Her fellow councilmen seem to be in high spirits tonight: Hoskel babbles about the superiority of noxian spirits, Salo snaps at him without any heat. Bolbok is more somber as he speaks about how the sudden unrest on the Ionian’s border could compromise their trades.
Time drifts over Mel’s shoulder as an hour spend in good (and not very good) company passes her by. Then Heimerdinger approaches her with a young man trailing behind him.
The man sports a clean haircut of blond, almost white hair, she remembers him vaguely from the day Fair: he was the one with the exploding bicycle. Mel gently waves them over and she pretends to be charmed when the stranger kisses her hand.
Then the man thanks her for the flowers.
Mel looks at Heimerdinger.
“Our Stan has been quite taken with them.” The yordle smiles. “After all it’s not every day than one receives such a gift from a beautiful woman.”
The man blushes, but quickly regains his footing as Mel asks about his prototype, that, yes, it hasn’t worked and, yes, it’s very similar to other engines, but, hey, it has managed to catch the attention of three different potential patrons.
He looks pointedly at her. Mel is probably counted in the odd number.
“But I won’t mind picking a side.”
He winks at her. Mel reflects that Salo has a point on how strongly noxian wine affects people who are not used to it.
“Then I suggest you to accept one of those two generous offers. Unfortunately the Medarda’s spot for patronage has already been filled.” Mel gestures at the approaching waiter, relieving him of two flutes of white wine. She offers one to the young man.
“Again, congratulations on your victory.”
Their glasses clicks, a sound quickly lost in the never ending buzz of conversations. She turns her back to him and joins Salo for a chat.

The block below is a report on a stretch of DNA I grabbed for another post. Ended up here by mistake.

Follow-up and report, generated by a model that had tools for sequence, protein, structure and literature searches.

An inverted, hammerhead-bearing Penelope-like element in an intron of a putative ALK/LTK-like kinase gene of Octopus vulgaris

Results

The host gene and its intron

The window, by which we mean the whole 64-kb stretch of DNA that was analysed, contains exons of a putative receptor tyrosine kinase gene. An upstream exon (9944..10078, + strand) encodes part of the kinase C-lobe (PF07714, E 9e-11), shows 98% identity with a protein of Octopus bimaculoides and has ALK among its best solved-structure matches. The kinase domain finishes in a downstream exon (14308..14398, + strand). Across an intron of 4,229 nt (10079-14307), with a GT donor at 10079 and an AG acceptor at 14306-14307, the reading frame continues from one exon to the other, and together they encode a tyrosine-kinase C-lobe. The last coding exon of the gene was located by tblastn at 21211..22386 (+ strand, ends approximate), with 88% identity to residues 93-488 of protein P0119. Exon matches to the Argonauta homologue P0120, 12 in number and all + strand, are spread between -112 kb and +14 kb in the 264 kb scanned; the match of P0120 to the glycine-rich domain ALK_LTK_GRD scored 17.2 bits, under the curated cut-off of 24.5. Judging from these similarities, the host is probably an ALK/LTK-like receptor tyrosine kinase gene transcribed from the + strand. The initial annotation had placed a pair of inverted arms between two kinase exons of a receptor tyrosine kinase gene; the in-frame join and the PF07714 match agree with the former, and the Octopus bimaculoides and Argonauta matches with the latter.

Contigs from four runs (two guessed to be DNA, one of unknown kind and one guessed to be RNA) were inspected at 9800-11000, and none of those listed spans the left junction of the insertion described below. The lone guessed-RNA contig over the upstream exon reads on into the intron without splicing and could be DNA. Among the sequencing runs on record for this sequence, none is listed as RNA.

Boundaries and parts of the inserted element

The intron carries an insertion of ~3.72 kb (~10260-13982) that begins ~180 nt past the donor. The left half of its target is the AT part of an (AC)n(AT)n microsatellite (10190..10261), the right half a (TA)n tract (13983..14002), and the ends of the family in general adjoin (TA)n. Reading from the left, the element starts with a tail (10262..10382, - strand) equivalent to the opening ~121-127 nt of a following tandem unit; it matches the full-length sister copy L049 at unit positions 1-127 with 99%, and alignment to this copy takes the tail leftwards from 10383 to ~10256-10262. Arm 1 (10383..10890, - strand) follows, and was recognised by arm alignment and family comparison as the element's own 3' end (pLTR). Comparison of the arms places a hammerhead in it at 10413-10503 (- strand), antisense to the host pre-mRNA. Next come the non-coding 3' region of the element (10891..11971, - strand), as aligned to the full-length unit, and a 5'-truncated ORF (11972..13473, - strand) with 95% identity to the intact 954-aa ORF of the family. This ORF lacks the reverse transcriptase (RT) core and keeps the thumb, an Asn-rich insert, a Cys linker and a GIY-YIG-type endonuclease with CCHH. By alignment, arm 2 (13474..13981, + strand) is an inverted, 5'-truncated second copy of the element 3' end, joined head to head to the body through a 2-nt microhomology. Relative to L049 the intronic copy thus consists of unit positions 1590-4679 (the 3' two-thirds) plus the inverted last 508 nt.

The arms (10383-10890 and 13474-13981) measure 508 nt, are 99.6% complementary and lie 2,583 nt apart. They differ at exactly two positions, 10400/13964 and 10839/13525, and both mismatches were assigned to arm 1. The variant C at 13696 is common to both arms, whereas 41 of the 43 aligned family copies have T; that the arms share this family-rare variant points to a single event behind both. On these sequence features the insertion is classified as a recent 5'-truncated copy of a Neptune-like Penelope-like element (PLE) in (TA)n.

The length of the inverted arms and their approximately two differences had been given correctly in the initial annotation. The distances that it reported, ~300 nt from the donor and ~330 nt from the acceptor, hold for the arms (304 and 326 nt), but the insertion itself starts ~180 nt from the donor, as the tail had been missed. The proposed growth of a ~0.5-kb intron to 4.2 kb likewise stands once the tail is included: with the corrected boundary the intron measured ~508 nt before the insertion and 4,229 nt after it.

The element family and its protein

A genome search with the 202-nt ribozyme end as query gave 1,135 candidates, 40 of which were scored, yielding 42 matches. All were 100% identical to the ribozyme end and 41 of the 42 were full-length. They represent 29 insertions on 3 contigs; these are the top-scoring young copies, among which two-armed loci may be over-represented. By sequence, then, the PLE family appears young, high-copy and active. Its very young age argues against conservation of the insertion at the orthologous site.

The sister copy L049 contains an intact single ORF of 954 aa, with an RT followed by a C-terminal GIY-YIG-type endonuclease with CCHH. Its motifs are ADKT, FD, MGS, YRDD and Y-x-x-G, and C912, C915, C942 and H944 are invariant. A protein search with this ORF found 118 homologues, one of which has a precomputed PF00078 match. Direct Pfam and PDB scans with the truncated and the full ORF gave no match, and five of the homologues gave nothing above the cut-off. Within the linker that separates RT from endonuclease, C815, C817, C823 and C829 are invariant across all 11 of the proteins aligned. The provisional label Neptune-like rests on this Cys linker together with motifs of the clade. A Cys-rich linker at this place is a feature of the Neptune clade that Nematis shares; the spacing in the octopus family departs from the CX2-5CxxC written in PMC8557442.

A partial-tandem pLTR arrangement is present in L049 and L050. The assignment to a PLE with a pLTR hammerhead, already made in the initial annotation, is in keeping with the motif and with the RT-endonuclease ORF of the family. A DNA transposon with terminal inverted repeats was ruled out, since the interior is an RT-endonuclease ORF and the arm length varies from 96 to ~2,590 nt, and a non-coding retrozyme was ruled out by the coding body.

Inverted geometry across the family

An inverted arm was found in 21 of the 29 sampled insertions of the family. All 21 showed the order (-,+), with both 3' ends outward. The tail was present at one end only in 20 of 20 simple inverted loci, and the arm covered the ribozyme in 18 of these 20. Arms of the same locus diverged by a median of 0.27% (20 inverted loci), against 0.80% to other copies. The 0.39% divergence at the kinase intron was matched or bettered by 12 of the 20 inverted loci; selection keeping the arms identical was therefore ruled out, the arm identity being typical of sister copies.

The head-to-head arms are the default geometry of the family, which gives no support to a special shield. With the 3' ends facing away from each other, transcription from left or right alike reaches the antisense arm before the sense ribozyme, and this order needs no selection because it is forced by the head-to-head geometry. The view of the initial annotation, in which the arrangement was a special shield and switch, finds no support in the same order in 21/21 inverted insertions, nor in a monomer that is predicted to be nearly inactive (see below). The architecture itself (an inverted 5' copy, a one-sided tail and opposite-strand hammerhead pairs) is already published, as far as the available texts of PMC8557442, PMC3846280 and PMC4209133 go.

It takes another three hours for the party to be over and by the end of it Mel’s feet are a dull bubble of pain.
It’s only later, after the aching has been subdued by a well applied mix of warm water and cream that Mel asks Elora about the inventors’ swap.
“I’m sorry.” She says with a tilt of her head, her own feet resting in a basin of hot water. “I hadn’t know that you had your sight on someone in particular. I should have paid more attention.”
“There is nothing to apologize for, I asked for the winner. The oversight was only miner.”
Mel has been naïve. She knows that favoritism run rampant in these competitions, especially when Heimerdinger isn’t sitting among the judges. The victor has simply been more well connected than the one she’s found more worthy.
No one in Piltover wins by their merit alone. It’s a thing that her new home and her old one have in common.
“Can you find for me the name of the inventor who’s proposed the water purifier?”
It’s not a question of ability, even if Elora replies “of course”. By tomorrow Mel will have not only a name, but a full on report about the man’s past history (personal, legal and medical) and a good guess on the reason why the board has preferred another to him.
Heimerdinger probably knows, judging by the sly look that the yordle has thrown in her direction when she hasn’t managed to completely conceal her surprise at the party.
And if Heimerding who, blesses his heart, he’s smart, but not very politically savvy knows, then it must be common knowledge.
Elora leaves for the night and Mel switches her dress for something more comfortable. The face that looks back at her from the mirror is tired under the make-up.
Her home is in her thoughts as she drifts to sleep.
The blood spreads like oil on the ocean around Piltover’s harbor as she watches faceless children being drowned. There is water in her throat and she chokes.
A girl is watching her, her chopped off head is deformed into a sneer, the blood drips from her neck. Plick. Plick. Plick.
“Hypocrite” she murmurs.
There is a throne made of bones and her mother is sitting on it, her feet planted on a mountain of broken bodies.
She waves at her and points down. And Mel is sitting on a throne too, but when she looks down there is Elora and Hoskel and Shoola being squashed by her weight. She tries to reach for them, but their bodies start shaking, purple lips foaming at their mouth.
A chemical spill, her brain whispers and he speaks with an accent that she’s heard somewhere. An hand reaches for her and pushes.
Mel wakes up.
The sun is a line of red on the horizon, tomorrow is already here.